If it seems like your agile team constantly bottlenecks during a certain stage of a workflow, Work In Progress (WIP) limits may be your solution. Agile teams implement WIP limits to control the number of active items within each stage of an agile workflow. This control allows a team to concentrate on a concise amount of tasks to make sure each task is completed correctly and on time. WIP limits also allows an agile team to respond to change efficiently.
Before implementing WIP limits, an agile team must define the acceptance criteria that will be used to move a backlog item from one stage to the next. A backlog item must pass all criteria on a checklist before a team member moves the item to the next stage. The primary goal of these checklists is to ensure the integrity of backlog item movement.
WIP limits can play a very critical role in the development stage of an agile workflow. Let’s be honest, we have all run into that developer who thinks they can complete every task in no time. Having WIP limits in place keeps this kind of person focused and on task. All backlog items require some sort of ramp up time whether it is knowledge transfer or further refining requirements. Constant switching between multiple tasks before an individual task is complete can lead to a lot of time being lost during a sprint solely based on ramp up time and we all know time is money. And no one likes losing money!
Not only can WIP limits identify key areas of focus and bottlenecks, they also can point out areas of idleness throughout an agile workflow. If a certain stage in the workflow is never reaching its limit, then the team may not be working efficiently enough during that stage or the team overestimated on determining the WIP limit.
It usually takes teams a while to adjust to WIP limits after introducing them to an agile workflow. The key after implementing the limits is to remain consistent with them for multiple sprints. This will allow you to obtain accurate metrics on whether or not you have properly set the WIP limits for each stage of the workflow. It is easy to want to adjust your WIP limits when you run into an issue or setback, but you must resist this urge. If a WIP limit is consistently being run into then there may be an opportunity to improve a skillset or process within the team. You should only adjust a specific WIP limit after you have identified that the set limit is not benefitting the team overall. This adjustment should only be done after completing multiple sprints.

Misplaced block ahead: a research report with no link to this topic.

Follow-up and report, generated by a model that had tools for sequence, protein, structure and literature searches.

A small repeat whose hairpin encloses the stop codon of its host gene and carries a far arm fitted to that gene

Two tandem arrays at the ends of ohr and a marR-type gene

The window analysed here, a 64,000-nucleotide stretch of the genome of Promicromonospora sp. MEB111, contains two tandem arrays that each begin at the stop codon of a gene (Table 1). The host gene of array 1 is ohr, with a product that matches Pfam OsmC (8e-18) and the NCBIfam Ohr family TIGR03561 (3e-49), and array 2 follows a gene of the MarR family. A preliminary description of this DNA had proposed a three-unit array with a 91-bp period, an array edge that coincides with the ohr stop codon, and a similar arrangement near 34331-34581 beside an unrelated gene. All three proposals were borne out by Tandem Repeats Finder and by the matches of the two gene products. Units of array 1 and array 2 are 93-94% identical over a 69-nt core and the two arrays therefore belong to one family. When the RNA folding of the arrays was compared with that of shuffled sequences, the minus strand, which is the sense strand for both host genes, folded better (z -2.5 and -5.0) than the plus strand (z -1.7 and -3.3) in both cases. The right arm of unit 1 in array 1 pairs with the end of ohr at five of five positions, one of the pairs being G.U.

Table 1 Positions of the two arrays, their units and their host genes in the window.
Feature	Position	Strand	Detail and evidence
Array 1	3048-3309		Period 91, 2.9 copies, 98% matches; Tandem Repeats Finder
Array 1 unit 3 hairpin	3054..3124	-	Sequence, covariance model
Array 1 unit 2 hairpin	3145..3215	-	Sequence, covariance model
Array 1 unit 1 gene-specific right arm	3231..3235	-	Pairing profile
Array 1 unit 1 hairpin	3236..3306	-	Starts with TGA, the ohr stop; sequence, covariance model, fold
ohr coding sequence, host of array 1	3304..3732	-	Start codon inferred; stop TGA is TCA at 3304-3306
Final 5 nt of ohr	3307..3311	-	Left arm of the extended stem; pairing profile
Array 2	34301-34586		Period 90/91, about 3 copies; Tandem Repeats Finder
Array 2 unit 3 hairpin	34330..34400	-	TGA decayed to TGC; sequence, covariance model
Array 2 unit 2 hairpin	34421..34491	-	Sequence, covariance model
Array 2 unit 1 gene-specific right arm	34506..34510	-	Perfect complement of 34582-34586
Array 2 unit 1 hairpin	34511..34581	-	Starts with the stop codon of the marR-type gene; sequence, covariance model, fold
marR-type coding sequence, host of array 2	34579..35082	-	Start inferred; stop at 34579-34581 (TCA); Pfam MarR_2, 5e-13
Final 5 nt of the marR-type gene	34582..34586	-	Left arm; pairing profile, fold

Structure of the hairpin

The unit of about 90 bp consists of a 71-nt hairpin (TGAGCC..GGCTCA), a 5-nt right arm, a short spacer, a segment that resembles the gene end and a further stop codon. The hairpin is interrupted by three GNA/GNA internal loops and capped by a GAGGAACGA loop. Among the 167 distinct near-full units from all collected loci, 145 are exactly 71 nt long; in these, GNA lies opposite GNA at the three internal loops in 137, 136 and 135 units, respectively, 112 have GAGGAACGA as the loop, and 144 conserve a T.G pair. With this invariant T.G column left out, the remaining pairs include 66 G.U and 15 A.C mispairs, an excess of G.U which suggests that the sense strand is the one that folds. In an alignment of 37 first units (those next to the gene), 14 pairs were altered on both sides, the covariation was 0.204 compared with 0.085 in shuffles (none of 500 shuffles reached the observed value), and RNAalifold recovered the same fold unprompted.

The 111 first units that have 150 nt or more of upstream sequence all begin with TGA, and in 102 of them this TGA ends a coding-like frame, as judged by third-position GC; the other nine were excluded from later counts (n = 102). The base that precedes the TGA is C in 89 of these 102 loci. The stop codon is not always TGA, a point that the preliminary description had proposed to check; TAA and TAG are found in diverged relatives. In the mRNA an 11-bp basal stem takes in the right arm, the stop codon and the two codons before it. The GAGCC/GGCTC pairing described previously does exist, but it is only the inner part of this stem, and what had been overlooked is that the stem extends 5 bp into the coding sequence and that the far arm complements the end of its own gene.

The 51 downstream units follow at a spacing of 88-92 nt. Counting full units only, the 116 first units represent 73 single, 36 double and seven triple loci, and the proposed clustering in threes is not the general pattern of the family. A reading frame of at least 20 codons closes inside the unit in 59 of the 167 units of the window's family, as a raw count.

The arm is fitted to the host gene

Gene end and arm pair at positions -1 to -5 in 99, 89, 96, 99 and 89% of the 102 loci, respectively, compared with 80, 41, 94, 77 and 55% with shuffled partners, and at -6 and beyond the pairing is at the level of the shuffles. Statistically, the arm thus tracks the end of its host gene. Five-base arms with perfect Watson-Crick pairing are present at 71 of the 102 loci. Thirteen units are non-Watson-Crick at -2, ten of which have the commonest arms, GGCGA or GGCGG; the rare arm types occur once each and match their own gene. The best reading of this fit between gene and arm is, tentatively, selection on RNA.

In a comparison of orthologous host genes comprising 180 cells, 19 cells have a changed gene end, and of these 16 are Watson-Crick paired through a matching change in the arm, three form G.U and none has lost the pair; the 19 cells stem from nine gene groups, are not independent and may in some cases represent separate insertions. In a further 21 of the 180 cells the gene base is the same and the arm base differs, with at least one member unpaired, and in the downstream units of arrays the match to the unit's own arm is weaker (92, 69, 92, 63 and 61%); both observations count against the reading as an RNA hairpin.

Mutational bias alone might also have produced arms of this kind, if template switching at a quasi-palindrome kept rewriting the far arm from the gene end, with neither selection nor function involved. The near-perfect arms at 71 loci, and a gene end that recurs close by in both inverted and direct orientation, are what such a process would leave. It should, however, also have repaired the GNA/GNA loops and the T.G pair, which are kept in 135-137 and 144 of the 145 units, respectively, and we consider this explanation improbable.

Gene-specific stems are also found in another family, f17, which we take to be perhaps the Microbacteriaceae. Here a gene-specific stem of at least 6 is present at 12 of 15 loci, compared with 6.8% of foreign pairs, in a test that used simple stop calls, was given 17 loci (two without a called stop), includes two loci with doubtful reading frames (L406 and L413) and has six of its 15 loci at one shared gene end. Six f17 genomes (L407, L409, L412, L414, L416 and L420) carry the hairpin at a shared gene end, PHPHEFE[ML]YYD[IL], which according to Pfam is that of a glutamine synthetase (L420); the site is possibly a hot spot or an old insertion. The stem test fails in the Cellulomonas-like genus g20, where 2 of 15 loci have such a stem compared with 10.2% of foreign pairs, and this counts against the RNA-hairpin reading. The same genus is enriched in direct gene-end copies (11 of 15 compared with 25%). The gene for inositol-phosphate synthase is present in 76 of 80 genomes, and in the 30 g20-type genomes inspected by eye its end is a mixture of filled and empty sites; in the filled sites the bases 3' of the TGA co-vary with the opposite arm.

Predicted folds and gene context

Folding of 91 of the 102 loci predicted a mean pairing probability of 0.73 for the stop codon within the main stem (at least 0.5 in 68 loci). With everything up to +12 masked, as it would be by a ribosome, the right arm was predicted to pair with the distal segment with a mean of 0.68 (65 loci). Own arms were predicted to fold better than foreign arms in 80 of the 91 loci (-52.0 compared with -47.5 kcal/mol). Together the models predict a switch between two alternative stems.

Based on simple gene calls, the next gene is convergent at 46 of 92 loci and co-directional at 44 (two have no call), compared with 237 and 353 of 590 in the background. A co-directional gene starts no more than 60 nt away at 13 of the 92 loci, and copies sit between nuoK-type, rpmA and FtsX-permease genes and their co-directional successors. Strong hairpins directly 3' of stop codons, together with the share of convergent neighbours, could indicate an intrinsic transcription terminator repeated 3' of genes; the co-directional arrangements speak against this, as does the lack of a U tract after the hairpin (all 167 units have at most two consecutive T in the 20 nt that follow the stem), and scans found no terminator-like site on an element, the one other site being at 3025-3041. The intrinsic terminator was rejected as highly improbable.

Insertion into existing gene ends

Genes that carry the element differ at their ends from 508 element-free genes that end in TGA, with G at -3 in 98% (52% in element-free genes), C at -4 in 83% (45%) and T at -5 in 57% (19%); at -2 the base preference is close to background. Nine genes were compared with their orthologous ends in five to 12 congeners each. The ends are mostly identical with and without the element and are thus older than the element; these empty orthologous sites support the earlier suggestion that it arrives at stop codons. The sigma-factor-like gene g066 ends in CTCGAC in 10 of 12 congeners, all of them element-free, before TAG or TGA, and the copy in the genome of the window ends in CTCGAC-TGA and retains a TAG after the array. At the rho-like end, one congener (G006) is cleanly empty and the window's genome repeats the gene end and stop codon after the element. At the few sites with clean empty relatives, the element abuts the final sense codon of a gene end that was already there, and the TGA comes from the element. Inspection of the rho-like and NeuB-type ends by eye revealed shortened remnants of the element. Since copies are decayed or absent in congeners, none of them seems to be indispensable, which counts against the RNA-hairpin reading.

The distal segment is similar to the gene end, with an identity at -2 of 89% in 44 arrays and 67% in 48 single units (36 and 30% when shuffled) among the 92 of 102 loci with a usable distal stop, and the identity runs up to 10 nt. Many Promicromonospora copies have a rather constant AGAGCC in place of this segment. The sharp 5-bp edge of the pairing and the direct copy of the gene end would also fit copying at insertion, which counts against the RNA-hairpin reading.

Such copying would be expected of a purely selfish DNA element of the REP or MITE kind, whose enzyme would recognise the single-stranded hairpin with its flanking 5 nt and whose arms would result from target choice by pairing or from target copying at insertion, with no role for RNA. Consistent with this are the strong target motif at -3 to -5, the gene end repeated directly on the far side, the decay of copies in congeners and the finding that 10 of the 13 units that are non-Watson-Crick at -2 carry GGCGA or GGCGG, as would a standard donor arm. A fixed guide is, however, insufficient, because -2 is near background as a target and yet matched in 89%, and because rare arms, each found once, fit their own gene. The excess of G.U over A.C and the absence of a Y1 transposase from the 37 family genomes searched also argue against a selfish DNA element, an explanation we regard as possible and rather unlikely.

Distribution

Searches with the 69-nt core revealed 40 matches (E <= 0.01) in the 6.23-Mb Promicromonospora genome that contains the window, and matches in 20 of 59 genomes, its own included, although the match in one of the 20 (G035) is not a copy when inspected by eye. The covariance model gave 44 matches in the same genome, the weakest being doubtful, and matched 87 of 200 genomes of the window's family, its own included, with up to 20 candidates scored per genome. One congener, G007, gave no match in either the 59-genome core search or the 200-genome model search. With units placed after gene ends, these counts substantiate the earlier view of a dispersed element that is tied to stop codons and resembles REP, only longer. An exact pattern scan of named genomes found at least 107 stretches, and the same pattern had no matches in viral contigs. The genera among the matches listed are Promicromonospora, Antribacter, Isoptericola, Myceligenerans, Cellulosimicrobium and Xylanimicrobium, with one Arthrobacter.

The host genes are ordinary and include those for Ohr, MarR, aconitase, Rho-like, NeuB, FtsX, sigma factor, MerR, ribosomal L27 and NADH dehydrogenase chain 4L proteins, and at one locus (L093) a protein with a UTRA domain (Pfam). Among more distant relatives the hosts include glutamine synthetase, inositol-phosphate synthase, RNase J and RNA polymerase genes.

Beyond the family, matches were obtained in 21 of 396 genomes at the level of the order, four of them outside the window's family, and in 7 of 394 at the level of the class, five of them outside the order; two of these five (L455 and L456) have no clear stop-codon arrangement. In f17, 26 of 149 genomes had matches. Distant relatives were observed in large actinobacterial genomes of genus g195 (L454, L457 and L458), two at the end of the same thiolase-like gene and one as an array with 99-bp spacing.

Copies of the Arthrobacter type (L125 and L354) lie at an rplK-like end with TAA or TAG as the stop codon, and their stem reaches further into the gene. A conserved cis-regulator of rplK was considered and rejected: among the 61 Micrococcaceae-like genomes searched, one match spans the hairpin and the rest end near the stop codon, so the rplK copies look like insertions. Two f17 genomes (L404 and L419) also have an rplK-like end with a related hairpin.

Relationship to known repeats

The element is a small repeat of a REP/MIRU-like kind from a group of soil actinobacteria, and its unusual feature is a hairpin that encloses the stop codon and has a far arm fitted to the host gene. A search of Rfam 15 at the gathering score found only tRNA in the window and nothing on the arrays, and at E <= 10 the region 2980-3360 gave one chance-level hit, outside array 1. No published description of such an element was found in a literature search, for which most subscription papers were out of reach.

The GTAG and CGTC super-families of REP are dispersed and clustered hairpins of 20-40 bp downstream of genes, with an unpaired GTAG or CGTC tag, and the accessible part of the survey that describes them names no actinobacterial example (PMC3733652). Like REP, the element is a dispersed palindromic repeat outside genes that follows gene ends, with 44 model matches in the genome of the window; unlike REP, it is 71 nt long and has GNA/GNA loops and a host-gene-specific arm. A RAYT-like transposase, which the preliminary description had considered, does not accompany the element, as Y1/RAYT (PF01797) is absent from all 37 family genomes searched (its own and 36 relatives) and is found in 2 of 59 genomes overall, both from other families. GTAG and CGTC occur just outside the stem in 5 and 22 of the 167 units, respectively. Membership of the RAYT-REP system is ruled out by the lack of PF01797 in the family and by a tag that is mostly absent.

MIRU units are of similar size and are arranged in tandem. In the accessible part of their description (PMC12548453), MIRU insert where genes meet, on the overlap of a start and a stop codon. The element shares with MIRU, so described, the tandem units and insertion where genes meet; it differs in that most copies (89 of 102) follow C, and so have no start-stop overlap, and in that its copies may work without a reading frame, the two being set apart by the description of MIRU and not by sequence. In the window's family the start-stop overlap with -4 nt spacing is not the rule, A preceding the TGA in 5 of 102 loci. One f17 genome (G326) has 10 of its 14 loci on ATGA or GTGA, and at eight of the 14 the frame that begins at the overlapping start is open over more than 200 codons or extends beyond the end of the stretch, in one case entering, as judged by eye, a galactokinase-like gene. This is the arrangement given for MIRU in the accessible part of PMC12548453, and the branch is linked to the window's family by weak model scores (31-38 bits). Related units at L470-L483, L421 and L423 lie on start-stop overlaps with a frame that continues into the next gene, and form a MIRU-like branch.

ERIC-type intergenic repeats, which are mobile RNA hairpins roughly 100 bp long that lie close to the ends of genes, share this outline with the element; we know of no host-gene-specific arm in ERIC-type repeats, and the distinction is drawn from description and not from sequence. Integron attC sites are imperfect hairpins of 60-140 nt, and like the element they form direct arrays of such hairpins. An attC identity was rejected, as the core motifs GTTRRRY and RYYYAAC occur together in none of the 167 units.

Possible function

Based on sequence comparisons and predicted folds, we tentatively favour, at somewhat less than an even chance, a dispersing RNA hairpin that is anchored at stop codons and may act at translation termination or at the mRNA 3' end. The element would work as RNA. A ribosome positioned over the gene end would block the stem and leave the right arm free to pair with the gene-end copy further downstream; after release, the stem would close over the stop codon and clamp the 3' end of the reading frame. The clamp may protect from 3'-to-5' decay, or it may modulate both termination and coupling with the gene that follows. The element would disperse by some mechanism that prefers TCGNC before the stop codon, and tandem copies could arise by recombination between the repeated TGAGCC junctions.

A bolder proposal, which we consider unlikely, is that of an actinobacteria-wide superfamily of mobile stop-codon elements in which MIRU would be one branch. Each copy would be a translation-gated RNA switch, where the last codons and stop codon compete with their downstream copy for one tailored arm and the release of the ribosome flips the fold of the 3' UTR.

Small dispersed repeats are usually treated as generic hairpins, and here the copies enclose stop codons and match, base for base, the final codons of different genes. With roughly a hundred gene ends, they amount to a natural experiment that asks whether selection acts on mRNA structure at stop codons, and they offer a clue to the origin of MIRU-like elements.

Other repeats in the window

It also helps to gather WIP limit feedback from the entire team on each limit and not solely the team members directly affected by it. For example, as an agile team manager I would ask the quality assurance testers for their opinion on what the QA stage work in progress limit should be as well as developers and business analysts. Every team member should provide his or her input to ensure the chosen limit is unbiased.
Using WIP limits should help ensure every team member is working at a highly efficient rate but not overly multitasking. As mentioned before, your WIP limits will probably require fine-tuning after completing a few sprints. A best practice to keep in mind is never set the maximum work in progress limit above the number of team members. I hope this overview of work in progress limits in agile was informative and helpful.